Shortly after Yu's death, some netizens resumed the cliché that women should stay away from wars. "As men, we should fight in wars. Women should stay at the rear. It is not discrimination against women. We have different roles," one netizen wrote. Such people should know that throughout history women have never shied away from wars. Many people, though, tend to forget, or they just don't realize, that women have a long history of participating in wars.
The first documented female fighter pilot participated in World War II. After the War on the Eastern Front broke out in June 1941, the then-Soviet Union Air Force, at the request of women, recruited three groups of female pilots. During the following three years, thousands of female pilots flew 23,672 times, and they dropped 100,000 bombs. The German soldiers were frightened and they called the female pilots "horrible angels."
Lydia Litvyak was a talented pilot. She flew 168 missions and individually shot down 12 enemy planes. She also assisted squadron mates in downing three enemy planes. She died in a firefight just 17 days before her 22nd birthday. She was honored as a heroine.
The experiences of the then-Soviet Union's female pilots are proof that women have never shied away from wars, and that women have demonstrated their strong will and made contributions to their home countries during wars.
The US abolished the prohibition against women to pilot fighters in 1993. In the same year, Jacquelyn Parker became the first woman pilot in the world who was capable of operating an F-16 fighter jet. She piloted an F-16 and defeated the pilot of an F-15 fighter jet during a combat training. Nicole Malachowski became the first female pilot in the US Air Force's Thunderbirds Aerobatics Team. She piloted F-15 and flew 26 missions during US military operations in Kosovo and Iraq.
Sue Gardner has the most-extensive combat experience of the female pilots in the UK's Royal Air Force. She flew many missions in southern Iraq before the war in Iraq.
In modern times, fighter jets have become highly automatic and electronic. Piloting a fighter jet is not entirely a matter of physical strength. Women call for "gender equality in cabin" and gender equality in all fields. Women regard fighting in wars and opposing wars as their shared responsibility.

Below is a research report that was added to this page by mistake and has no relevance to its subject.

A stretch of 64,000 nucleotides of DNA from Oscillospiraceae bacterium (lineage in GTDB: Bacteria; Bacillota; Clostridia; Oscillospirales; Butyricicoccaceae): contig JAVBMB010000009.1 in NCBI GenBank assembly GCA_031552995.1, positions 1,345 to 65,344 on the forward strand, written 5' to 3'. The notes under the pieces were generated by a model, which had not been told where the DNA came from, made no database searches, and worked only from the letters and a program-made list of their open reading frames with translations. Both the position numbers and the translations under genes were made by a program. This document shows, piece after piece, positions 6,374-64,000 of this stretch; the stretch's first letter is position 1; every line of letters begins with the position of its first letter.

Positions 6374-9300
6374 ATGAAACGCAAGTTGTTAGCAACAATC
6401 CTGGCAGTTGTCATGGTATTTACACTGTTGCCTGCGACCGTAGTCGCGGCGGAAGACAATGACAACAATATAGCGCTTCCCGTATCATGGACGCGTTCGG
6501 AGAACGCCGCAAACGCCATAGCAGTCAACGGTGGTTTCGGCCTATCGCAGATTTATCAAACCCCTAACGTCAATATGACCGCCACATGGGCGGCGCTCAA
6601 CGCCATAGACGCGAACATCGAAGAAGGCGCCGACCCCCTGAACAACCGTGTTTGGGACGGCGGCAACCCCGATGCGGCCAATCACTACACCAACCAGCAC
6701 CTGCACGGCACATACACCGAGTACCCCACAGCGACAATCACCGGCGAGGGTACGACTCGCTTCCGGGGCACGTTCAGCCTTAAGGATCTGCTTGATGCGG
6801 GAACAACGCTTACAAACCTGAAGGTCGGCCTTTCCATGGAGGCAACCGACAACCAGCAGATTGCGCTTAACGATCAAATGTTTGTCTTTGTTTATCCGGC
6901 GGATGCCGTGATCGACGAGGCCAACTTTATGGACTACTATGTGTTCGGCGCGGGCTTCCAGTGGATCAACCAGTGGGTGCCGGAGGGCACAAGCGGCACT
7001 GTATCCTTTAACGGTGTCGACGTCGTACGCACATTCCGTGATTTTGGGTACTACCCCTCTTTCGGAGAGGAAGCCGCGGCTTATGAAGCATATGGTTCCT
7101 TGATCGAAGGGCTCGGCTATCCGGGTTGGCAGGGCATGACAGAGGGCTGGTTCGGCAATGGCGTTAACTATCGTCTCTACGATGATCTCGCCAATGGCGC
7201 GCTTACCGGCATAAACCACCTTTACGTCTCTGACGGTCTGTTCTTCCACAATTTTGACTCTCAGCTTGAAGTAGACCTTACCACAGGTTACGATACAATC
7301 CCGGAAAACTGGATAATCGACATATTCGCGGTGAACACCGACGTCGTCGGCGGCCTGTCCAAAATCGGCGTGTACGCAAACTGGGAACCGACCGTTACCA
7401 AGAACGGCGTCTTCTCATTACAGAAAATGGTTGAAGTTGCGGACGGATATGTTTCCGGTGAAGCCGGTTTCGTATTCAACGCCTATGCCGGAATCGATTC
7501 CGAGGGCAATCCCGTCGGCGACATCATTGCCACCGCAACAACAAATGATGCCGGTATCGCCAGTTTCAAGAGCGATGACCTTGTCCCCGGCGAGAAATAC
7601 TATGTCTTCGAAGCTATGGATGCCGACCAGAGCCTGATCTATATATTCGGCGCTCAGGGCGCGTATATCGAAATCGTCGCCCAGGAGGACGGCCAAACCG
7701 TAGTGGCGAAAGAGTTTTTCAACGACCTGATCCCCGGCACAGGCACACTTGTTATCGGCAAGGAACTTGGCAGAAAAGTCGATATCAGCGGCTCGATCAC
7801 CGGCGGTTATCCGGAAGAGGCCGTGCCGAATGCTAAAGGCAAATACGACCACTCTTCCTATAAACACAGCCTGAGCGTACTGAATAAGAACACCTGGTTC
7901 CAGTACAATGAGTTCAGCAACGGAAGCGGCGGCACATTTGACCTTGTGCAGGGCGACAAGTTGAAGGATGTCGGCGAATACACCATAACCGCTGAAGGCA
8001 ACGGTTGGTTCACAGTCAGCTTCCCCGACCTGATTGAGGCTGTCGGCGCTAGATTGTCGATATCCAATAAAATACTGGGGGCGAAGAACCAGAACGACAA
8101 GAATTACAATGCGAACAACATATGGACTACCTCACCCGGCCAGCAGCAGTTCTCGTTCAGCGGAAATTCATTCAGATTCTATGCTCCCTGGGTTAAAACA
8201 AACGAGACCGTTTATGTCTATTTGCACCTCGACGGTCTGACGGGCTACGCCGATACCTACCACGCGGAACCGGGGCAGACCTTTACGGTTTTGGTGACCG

Who Says Women Cannot Perform Aerobatics?
Aerobatics pose a great challenge to pilots. It is referred to as "dancing on the point of a knife." Are women capable of such flying maneuvers that demand such a high level of intensity and difficulty? Yu once said frankly that women's sense of space and sense of direction were not as good as men's, but that women could make up for it through training. She said she was proud that she was an aerobatics pilot.
Malachowski, born in 1974, graduated from the US Air Force Academy in 1996. She participated in the Thunderbirds' show for the first time in 2006. Prior to that, she had flown 2,100 hours, and she had more than 300 hours of operational flight time. As an F-15 instructor, she is not in any way inferior to the male pilots.
Experiences in several countries reveal that female pilots have many advantages over their male counterparts. For example, they are careful, thoughtful and sensitive, and they exceed men in terms of manipulating weapons, using precision instrument and terrain recognition. Women's heart function is also stronger than men. Therefore, we have no reason to underestimate women, even after Yu's death. On the contrary, we should draw lessons from the past, select pilots more strictly and train them in a more strict and scientific manner. That is the way to support and care for female pilots.
Yu said she never regretted being a fighter pilot. She also said her dream was to become a female astronaut. She fought for her dream throughout her life. She was a pioneering woman in aviation. She challenged her limits and overcame the "impossibilities." Yu created miracles and she set an example for hundreds and thousands of women. Sacrifices are unavoidable if people want to make progress. Let us follow the martyr's footsteps and forge ahead dauntlessly.
The author is Liu Bohong, a professor at China Women's University.
(Women of China English Monthly December 2016 Issue)